April 13, 2022

Supreme Court to Review the Structure of FTC's Proceedings and Procedures

Court's Ruling May Have Implications for Managing Governmental Investigations
Holland & Knight Alert
Anthony E. DiResta | Benjamin A. Genn


  • The U.S. Supreme Court recently granted certiorari on a case – Axon Enterprise, Inc. v. Federal Trade Commission – challenging the administrative scheme of the FTC.
  • If the Supreme Court rules in favor of the petitioner, the structure and scheme of many government agencies will be exposed to constitutional challenges. Moreover, the internal administrative procedures will be subject to further scrutiny within the federal courts.
  • A ruling is expected sometime in 2023.

Earlier this year, the U.S. Supreme Court granted certiorari on a case that has ramifications for the Federal Trade Commission's (FTC) investigations into private industry. In Axon Enterprise, Inc. v. Federal Trade Commission, petitioner Axon Enterprise, a maker of Tasers and other police equipment, claimed that the FTC acts as "prosecutor, judge and jury" in violation of the Fifth Amendment guarantees of due process and equal protection under the law. Axon has also contended that the federal district courts should be able to hear its challenge concurrently rather than after the FTC has issued a final agency determination.

This case arose when the FTC attempted to stymie Axon's acquisition of another company through the filing of an administrative complaint. In January 2020, Axon filed suit alleging that the agency's structure is unconstitutional and that its internal administrative proceedings violate Axon's Fifth Amendment rights.

After the U.S. District Court for the District of Arizona and the U.S. Court of Appeals for the Ninth Circuit disagreed with Axon, Axon asked the Supreme Court whether the federal courts can hear a challenge of the FTC's constitutionality before the agency has issued a final order of some kind.

The justices granted certiorari and limited their consideration to the first question Axon presented in its July 2021 petition:

Whether Congress impliedly stripped federal district courts of jurisdiction over constitutional challenges to the Federal Trade Commission's structure, procedures, and existence by granting the courts of appeals jurisdiction to "affirm, enforce, modify, or set aside" the Commission's cease-and-desist orders.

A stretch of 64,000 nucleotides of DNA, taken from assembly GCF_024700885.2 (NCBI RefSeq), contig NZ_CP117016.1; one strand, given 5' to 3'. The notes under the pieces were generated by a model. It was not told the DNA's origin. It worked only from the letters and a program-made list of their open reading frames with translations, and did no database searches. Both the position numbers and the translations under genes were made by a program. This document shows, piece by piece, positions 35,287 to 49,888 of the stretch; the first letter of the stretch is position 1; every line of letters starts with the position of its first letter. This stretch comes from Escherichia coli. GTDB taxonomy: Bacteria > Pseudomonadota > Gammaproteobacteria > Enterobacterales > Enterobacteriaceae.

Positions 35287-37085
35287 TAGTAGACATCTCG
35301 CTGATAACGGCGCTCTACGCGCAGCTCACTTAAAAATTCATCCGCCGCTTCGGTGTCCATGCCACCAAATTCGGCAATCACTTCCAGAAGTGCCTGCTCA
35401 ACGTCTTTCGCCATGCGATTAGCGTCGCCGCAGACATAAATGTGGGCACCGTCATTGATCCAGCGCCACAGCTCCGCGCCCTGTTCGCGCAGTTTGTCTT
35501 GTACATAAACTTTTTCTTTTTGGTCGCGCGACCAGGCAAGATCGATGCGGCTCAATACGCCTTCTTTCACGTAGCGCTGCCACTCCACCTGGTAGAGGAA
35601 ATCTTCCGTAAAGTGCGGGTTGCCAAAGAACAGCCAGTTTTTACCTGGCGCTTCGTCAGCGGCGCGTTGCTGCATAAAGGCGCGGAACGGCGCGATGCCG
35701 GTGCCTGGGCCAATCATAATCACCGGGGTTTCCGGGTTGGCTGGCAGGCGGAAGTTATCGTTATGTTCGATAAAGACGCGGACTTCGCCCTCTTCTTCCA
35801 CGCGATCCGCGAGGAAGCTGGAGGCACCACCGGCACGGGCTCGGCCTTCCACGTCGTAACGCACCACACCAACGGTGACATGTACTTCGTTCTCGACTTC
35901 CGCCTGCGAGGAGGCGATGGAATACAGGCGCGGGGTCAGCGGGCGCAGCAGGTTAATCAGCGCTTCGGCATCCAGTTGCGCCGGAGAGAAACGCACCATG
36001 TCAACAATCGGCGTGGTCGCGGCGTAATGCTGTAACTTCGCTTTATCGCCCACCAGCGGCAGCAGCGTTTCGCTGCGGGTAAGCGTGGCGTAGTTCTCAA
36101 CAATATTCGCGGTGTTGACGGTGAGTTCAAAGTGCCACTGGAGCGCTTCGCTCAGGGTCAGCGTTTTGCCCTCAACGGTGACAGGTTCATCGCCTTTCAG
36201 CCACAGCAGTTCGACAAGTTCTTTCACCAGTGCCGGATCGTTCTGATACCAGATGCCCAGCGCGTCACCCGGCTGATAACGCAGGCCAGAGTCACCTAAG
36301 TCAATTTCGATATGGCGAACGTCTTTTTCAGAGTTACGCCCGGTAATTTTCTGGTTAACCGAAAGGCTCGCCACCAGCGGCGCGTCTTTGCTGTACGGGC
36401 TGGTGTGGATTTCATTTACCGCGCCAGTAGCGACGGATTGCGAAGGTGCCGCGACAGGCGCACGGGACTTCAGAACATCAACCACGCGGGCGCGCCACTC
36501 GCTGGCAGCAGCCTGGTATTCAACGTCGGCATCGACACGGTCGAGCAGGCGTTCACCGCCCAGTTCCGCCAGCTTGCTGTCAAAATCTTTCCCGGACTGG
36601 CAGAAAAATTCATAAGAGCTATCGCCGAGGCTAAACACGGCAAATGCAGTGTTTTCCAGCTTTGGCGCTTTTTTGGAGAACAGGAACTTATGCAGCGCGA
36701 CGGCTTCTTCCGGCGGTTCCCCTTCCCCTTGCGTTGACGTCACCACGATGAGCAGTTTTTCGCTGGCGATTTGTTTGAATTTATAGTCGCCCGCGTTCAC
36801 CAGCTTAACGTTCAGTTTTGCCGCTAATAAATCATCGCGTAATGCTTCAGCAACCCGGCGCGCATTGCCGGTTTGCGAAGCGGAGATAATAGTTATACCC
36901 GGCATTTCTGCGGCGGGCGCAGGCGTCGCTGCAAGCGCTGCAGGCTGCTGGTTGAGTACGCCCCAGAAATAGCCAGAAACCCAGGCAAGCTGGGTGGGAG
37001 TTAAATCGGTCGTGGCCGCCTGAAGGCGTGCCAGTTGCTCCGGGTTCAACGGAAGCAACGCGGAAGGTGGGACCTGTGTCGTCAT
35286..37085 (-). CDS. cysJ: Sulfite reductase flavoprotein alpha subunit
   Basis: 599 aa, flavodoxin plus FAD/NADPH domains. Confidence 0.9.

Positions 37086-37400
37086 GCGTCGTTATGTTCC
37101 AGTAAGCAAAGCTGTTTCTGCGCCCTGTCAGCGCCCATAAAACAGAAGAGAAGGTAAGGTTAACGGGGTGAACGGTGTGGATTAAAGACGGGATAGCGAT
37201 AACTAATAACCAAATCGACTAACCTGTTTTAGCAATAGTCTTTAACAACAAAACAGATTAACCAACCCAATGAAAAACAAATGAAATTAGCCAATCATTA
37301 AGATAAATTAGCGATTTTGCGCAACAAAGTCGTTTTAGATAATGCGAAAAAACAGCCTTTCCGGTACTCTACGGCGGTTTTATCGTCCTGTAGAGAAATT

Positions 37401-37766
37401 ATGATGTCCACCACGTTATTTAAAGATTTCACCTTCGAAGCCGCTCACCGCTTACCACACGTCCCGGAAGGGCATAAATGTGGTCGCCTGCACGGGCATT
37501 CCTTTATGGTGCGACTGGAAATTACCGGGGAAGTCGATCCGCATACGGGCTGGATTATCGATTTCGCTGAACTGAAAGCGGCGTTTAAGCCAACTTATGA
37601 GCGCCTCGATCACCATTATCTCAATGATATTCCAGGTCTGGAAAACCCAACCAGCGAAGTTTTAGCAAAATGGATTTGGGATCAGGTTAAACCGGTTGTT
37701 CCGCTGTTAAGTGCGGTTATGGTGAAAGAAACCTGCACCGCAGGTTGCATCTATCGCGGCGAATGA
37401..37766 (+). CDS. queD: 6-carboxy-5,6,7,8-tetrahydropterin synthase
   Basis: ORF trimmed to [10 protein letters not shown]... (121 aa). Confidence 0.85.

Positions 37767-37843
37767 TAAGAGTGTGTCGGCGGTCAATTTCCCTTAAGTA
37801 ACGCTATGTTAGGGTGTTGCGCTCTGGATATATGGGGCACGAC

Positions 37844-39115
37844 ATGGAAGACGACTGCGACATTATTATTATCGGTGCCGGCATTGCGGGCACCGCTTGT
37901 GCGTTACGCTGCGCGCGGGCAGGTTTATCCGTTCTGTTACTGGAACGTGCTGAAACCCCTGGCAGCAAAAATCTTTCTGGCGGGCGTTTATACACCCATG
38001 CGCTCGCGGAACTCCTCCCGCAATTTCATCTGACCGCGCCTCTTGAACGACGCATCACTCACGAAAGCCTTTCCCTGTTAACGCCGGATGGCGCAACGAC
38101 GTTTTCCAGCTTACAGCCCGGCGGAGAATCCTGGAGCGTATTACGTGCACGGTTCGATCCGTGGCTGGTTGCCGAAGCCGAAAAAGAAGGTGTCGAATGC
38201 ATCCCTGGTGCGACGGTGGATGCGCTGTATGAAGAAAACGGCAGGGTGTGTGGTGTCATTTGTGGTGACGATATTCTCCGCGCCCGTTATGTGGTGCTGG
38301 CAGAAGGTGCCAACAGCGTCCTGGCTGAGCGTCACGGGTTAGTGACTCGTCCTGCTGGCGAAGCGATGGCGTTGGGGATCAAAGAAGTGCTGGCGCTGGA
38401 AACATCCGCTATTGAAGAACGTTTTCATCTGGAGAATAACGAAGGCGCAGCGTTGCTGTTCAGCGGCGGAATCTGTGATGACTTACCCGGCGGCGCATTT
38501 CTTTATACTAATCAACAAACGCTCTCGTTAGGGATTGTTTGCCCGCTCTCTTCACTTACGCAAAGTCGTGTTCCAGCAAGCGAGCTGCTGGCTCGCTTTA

Ramifications of a Supreme Court Decision

If the Supreme Court rules in favor of the petitioner, companies would have a remedy to contest the integrity of administrative proceedings prior to a final agency determination. While a ruling may only apply to administrative proceedings within the FTC, a successful challenge to the structure of the FTC would demonstrate a critical philosophical shift in the Supreme Court's tolerance and approach to administrative agencies' powers, decision-making and internal procedures. Practically speaking, such a shift could empower companies under investigation to preemptively sue the FTC before the FTC files an administrative complaint. This would also open the door for challenges to the structure of administrative processes of other government agencies.

Stay tuned as a decision may have a significant impact in several industry sectors, including financial services, public companies, product liability and others, as well as cybersecurity, privacy and other data investigations by the FTC. In light of the Supreme Court's recent humbling of the FTC in the AMG Capital Management, LLC, v. Federal Trade Commission decision and the grant of certiorari in Axon, aggressive strategies in managing governmental investigations may become commonplace; and litigation may become a useful tool.

How We Can Help

Holland & Knight's Consumer Protection Defense and Compliance Team includes a robust governmental investigations and consumer protection compliance practice, with experienced attorneys that are recognized thought leaders in the field. The team has represented dozens of companies and individuals in federal and state regulatory investigations, including investigations concerning advertising and marketing practices. The team regularly provides clients practical, forward-thinking compliance counseling; conducts regulatory preparedness audits; and diligence in connection with transactional and contractual matters. The firm's practice also includes significant experience dealing with novel issues on the topics on the forefront, including social media marketing and consumer data privacy.

For more information or questions about the Axon case or FTC enforcement and investigations, contact the authors.

Information contained in this alert is for the general education and knowledge of our readers. It is not designed to be, and should not be used as, the sole source of information when analyzing and resolving a legal problem, and it should not be substituted for legal advice, which relies on a specific factual analysis. Moreover, the laws of each jurisdiction are different and are constantly changing. This information is not intended to create, and receipt of it does not constitute, an attorney-client relationship. If you have specific questions regarding a particular fact situation, we urge you to consult the authors of this publication, your Holland & Knight representative or other competent legal counsel.

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